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we have three secondary database server in different cities and one primary server. my question is i want asynchronous transaction commit to all three database but primary key data conflict occur when commit to primary database...because same id can generate on all three server. then which technology is available for this kind of scenario for maintain primary key conflict issue...

Note-all three secondary server work as a 'replication publisher' and primary server work as a subscriber(primary replica of alwayson).

solution from my side- i commit the records on secondary server and i use some tricks on all secondary server like..server 1 (seed value = 1 increment by = 3),server 2 (seed value = 2 increment by = 3), server 3 (seed value = 3 increment by = 3)...according to this setting my primary key value never conflict....so please advice am i going right way or not ???

  • You can ganerate ID in an application. – Paweł Tajs Jun 28 '16 at 13:04
  • If you're using replication and having PK issues, then you'll need to redesign your database design to not have issues given the distributed nature of the application. This has nothing to do with Availability Groups. – Sean Gallardy Jun 29 '16 at 2:30
  • thanks sean..actually i am expecting your reply...i commit the records on secondary server and i use some tricks on all secondary server like..server 1 (seed value = 1 increment by = 3),server 2 (seed value = 2 increment by = 3), server 3 (seed value = 3 increment by = 3)...according to this setting my primary key value never conflict....so please sean advice am i going right way or not ??? – Gulrez Khan Jun 30 '16 at 6:45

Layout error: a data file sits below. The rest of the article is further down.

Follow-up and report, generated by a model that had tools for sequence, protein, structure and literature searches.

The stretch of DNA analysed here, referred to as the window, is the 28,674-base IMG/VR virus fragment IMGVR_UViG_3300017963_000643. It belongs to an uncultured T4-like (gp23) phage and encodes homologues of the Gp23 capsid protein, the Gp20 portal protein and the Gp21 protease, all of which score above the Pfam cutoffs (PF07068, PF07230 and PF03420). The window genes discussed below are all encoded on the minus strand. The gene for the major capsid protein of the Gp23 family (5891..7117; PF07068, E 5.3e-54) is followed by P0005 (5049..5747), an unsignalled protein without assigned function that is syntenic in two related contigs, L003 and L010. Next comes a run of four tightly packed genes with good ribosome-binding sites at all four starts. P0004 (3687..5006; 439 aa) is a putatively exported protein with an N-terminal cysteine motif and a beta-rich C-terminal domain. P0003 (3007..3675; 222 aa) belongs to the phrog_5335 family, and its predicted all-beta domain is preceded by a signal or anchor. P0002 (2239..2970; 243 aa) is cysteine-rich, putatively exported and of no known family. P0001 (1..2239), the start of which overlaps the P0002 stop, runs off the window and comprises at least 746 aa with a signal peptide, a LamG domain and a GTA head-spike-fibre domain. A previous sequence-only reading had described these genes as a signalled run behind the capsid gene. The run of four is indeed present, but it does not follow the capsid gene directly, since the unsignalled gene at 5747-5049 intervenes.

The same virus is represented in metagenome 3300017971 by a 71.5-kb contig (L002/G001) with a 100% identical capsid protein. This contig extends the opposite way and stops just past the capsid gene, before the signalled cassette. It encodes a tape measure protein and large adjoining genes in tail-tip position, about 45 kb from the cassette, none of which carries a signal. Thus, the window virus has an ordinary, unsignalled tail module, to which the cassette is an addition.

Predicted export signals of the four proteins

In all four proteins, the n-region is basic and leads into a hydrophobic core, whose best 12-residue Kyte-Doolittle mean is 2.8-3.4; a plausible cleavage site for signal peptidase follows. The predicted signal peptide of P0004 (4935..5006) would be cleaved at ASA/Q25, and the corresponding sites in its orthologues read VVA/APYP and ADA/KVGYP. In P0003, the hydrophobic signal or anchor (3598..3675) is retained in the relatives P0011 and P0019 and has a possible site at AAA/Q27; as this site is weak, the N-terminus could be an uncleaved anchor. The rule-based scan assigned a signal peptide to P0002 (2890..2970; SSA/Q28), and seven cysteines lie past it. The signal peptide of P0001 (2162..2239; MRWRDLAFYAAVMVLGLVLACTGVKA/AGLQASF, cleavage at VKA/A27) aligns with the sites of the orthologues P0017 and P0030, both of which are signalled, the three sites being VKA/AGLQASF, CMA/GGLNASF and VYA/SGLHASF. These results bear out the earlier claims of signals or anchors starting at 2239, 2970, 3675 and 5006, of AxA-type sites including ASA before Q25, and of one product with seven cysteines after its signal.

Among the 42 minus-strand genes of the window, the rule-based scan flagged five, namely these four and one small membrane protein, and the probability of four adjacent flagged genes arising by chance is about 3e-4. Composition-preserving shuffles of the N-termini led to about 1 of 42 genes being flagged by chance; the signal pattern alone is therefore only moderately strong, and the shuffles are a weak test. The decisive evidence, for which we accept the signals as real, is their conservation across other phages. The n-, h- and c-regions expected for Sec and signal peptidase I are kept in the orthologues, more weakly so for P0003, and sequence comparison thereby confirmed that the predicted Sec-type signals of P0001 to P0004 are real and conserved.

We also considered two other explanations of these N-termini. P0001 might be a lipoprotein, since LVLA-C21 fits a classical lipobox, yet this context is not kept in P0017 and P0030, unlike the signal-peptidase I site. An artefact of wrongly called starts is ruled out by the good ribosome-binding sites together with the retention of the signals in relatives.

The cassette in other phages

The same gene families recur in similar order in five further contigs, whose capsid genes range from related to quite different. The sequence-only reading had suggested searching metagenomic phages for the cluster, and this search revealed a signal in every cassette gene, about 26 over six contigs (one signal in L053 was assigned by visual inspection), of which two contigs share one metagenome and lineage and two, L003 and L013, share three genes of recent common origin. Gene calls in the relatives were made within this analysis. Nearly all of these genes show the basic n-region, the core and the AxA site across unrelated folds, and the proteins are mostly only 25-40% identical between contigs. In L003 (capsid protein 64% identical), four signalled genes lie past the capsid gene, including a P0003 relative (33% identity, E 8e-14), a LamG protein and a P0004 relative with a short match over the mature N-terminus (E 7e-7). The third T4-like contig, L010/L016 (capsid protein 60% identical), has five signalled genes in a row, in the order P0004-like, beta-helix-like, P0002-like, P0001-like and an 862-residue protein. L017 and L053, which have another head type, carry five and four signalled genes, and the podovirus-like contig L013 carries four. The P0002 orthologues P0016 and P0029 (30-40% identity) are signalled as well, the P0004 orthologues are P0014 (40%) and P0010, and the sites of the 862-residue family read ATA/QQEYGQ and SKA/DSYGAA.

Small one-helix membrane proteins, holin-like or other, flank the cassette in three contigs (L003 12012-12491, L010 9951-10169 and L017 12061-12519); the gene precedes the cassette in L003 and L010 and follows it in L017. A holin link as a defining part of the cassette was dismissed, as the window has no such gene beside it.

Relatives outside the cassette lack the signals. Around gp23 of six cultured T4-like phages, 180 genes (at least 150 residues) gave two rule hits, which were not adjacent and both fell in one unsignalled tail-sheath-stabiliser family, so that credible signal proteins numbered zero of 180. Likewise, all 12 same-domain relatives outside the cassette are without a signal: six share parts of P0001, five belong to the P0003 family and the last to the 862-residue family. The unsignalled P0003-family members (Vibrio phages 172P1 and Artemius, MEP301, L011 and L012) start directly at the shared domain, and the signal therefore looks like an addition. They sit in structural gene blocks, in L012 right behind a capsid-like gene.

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There are 3 possible solutions that I can think of to what you are asking.

  1. First solution is exactly how you have it, set each server to increment an identity column by the same increment but start them offset by one. (Server 1: start at 1 increment by 2, Server 2: start at 2 increment by 2) This solution works well because it keeps your key small but allows you to generate them without running into conflicts. On the other hand you have to configure each identity column on each server so you have the maintenance overhead.
  2. Another solution is to set your key to a guid, at 16 bytes the chances of running into a conflict are small, but it's a rather wide key and comes with it's own set of troubles. See here for more info: Kimberly Tripp GUIDs as Primary Key Or here: GUID vs INT Debate
  3. Use a composite key where one column represents the server that created the record and the other column is an identity that increments by 1. This also has a disadvantage of having to configure the column on each server to represent the server it was created on.

In the end there is no right or wrong way to do it, it's all a matter of what trade offs you want to put up with.

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